Because language is the primary avenue for learning every other subject, you really can’t skimp on language arts in the early years without hampering a student’s academic development down the road. To ensure that a student transitions smoothly from elementary to middle school and high school writing, there are some basic skills and concepts that a student will need to master in the early years and beyond.
The Fluency Stage
The first several years of elementary school constitute what I like to call the fluency stage. Students are learning how to read and write words and sentences with increasing ease. They are becoming fluent in both the written and spoken word.
By the end of third grade, in addition to mastering phonics and penmanship, a student on strong footing in language arts and writing will
- have a firm understanding of a sentence as a complete thought containing both a subject (what the sentence is about) and a predicate (what the sentence tells about the subject). (She need not know the words “subject” and “predicate,” but she will be able to recognize a complete sentence and to distinguish between a sentence and a fragment.)
- know and consistently implement the basic mechanics of a sentence. In particular, he will know that the first word of a sentence is always capitalized and that every sentence must end with either a period, a question mark, or an exclamation mark. He will also know when to use which end punctuation and be familiar with the different kinds of sentences (such as questions, statements, commands, and exclamations).
- be able to recognize paragraphs in a text and understand that a paragraph is a series of sentences relating to a particular point or topic.
- understand that a word that names a person, place, thing, or idea is called a noun and that specific names, called proper nouns, begin with a capital letter.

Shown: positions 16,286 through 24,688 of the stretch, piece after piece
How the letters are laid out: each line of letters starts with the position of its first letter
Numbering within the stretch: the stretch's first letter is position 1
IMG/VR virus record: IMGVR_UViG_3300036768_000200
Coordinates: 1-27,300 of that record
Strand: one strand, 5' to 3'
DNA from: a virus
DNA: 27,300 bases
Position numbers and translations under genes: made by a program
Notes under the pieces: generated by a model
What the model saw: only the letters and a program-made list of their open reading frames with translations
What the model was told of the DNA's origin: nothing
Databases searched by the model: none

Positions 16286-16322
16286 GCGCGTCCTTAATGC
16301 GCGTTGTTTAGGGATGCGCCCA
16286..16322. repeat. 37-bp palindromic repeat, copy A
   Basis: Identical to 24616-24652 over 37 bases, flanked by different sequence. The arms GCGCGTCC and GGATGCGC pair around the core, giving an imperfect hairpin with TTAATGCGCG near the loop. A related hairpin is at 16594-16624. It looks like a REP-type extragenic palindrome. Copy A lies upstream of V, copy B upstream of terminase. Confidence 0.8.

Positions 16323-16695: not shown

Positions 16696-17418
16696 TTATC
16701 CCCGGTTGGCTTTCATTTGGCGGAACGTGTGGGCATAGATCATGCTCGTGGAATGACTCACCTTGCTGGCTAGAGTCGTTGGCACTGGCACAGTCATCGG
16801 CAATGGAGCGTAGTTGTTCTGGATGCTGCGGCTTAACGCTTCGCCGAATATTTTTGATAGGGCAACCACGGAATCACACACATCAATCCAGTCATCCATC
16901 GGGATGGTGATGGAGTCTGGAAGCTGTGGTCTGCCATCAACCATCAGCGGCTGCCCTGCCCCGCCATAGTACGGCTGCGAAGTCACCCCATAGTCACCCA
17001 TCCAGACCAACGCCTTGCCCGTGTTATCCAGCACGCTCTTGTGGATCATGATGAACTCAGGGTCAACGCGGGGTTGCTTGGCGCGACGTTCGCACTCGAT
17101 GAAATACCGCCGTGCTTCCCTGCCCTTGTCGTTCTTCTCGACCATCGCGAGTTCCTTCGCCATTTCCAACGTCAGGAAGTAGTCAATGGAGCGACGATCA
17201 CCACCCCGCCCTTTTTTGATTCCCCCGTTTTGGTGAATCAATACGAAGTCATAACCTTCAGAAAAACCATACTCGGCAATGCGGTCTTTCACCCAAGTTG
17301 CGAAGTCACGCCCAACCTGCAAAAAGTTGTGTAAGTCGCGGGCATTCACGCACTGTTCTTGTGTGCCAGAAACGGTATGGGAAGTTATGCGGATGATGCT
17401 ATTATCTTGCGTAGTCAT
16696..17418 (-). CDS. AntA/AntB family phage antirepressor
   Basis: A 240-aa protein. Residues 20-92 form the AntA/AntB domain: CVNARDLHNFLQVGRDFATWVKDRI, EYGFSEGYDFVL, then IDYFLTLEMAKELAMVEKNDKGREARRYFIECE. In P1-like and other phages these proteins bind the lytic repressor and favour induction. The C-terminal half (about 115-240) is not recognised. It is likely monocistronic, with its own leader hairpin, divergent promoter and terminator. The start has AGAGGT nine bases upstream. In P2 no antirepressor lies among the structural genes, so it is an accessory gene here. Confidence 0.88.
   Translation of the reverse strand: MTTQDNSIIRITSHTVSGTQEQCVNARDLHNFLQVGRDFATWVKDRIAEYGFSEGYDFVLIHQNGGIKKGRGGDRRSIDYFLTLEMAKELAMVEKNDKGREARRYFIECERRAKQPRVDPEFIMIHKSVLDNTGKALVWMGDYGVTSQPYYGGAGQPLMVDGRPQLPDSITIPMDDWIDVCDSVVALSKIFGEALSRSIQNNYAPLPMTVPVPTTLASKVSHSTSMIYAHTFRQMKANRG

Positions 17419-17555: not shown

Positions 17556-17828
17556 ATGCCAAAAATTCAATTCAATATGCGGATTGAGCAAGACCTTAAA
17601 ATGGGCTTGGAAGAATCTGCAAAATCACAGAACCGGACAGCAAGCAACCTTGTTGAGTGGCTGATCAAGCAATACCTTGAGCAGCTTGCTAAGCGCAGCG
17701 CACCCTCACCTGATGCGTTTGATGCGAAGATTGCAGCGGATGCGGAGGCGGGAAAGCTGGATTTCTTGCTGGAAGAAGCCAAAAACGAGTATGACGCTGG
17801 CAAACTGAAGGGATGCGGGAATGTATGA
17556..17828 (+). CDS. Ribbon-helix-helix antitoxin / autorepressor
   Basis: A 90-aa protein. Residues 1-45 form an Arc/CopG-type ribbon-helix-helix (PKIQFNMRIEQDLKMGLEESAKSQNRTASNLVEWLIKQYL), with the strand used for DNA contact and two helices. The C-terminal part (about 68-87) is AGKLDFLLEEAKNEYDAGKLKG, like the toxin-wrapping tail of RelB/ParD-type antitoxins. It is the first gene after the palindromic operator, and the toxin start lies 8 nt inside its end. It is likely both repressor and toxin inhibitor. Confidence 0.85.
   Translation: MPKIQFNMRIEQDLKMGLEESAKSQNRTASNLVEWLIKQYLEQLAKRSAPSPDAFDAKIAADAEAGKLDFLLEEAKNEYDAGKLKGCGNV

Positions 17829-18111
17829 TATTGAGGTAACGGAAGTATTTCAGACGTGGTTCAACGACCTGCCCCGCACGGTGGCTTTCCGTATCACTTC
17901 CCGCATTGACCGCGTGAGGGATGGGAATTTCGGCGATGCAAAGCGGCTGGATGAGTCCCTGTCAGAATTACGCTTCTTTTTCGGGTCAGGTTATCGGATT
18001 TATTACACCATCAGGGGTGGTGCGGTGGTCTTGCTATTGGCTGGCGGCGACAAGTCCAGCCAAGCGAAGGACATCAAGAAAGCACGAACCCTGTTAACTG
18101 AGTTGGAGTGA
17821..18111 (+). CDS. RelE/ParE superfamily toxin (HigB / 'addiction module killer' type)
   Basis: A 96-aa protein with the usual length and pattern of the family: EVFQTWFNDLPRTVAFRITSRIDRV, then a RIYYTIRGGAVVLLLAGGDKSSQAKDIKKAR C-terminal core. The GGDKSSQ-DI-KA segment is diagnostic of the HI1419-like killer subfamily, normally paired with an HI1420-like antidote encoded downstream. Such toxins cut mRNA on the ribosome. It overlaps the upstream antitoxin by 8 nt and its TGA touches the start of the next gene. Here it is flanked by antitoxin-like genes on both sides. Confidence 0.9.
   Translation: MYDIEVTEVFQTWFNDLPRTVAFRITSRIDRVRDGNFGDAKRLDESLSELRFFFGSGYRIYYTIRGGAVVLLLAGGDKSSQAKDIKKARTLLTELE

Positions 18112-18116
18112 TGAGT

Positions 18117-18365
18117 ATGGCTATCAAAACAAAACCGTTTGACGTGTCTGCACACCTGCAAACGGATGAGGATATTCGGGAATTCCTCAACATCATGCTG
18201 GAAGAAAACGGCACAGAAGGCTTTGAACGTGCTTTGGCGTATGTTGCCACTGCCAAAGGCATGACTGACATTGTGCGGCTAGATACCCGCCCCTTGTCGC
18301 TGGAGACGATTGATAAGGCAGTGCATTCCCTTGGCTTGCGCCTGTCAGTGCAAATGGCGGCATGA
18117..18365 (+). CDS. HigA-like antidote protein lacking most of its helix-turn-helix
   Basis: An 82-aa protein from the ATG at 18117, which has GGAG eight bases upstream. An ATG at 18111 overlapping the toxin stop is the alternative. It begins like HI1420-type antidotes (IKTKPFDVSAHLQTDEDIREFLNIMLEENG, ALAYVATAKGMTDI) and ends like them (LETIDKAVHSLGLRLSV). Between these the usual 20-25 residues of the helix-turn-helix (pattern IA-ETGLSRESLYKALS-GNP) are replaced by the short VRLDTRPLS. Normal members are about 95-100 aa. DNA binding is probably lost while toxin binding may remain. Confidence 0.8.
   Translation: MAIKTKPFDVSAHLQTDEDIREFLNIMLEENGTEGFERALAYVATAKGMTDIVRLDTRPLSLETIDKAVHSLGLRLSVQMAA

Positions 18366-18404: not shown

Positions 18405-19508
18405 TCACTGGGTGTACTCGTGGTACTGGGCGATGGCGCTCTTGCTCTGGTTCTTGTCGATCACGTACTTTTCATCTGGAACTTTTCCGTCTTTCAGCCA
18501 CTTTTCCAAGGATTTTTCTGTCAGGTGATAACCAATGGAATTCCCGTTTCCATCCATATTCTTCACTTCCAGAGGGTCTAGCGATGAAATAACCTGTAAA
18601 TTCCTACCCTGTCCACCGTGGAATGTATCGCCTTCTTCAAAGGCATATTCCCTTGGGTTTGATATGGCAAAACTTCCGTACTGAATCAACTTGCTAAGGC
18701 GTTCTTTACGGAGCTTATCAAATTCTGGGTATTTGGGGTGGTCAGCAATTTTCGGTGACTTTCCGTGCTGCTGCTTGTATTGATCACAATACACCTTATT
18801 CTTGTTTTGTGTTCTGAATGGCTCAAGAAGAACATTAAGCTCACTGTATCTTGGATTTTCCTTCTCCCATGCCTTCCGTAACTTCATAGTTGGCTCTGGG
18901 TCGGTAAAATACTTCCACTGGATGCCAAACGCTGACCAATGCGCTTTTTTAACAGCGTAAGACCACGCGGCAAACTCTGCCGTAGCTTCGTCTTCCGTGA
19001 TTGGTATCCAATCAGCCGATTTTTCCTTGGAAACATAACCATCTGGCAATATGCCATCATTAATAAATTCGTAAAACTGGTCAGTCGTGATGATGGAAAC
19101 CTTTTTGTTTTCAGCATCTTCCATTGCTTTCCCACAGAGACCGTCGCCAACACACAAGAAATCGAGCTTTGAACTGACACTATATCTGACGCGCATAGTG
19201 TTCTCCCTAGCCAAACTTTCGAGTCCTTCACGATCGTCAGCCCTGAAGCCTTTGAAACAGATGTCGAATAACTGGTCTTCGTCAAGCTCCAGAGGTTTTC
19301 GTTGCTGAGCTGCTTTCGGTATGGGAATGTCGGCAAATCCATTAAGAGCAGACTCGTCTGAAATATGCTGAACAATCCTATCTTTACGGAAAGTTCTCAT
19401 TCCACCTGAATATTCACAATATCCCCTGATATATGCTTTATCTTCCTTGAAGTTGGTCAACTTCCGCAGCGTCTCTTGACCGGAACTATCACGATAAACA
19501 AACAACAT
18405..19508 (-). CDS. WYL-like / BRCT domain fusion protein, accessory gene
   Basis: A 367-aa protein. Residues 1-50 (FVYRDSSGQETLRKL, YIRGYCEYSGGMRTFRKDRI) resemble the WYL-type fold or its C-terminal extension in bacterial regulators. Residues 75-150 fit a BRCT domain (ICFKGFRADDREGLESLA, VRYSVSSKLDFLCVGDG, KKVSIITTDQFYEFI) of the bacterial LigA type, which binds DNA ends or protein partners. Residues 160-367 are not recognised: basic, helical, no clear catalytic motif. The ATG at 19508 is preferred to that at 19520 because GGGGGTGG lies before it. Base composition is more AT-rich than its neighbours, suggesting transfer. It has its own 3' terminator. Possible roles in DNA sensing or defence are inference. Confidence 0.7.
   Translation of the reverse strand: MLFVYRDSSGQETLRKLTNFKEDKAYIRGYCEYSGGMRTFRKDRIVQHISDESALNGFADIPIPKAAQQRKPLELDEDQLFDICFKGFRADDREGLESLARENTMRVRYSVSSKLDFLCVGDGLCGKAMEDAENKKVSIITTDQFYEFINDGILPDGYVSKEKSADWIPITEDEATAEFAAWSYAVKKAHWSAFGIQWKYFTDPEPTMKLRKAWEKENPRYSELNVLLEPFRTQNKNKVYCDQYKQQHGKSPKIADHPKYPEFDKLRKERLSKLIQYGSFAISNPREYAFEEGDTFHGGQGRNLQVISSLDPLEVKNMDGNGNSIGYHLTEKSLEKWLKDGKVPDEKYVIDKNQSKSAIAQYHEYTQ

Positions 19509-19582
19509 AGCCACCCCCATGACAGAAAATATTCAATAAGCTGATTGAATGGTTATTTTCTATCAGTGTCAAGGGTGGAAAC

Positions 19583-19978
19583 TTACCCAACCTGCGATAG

- be developing fluency with capitalization and basic punctuation norms.
- have plenty of experience writing sentences, preferably through copywork and dictation, as well as from her own compositions.
- have accumulated many, many hours of hearing books read aloud, both picture books and chapter books. (Even after, and maybe especially after, a student can read on his own, he still needs to hear the written word.)
- have committed to memory several beautiful prose and poem selections which she is able to recite.
- be able to orally tell back in his own words a short anecdote, story, or passage he has heard read aloud.
There are many good tools for helping students master these concepts and skills. One I’ve enjoyed using is English for the Thoughtful Child: Volume 1 by Mary F. Hyde revised and edited by Cynthia Shearer.
The Grammar Stage
Beginning around fourth grade, most students are ready for a more systematic study of grammar. In classical education circles, this stretch from fourth through fifth or sixth grade is commonly known as “the grammar stage.”
By the end of fifth or sixth grade, a student who is thriving in language arts and writing will, in addition to the above,
- know and be able to identify all the parts of speech and all the parts of a sentence.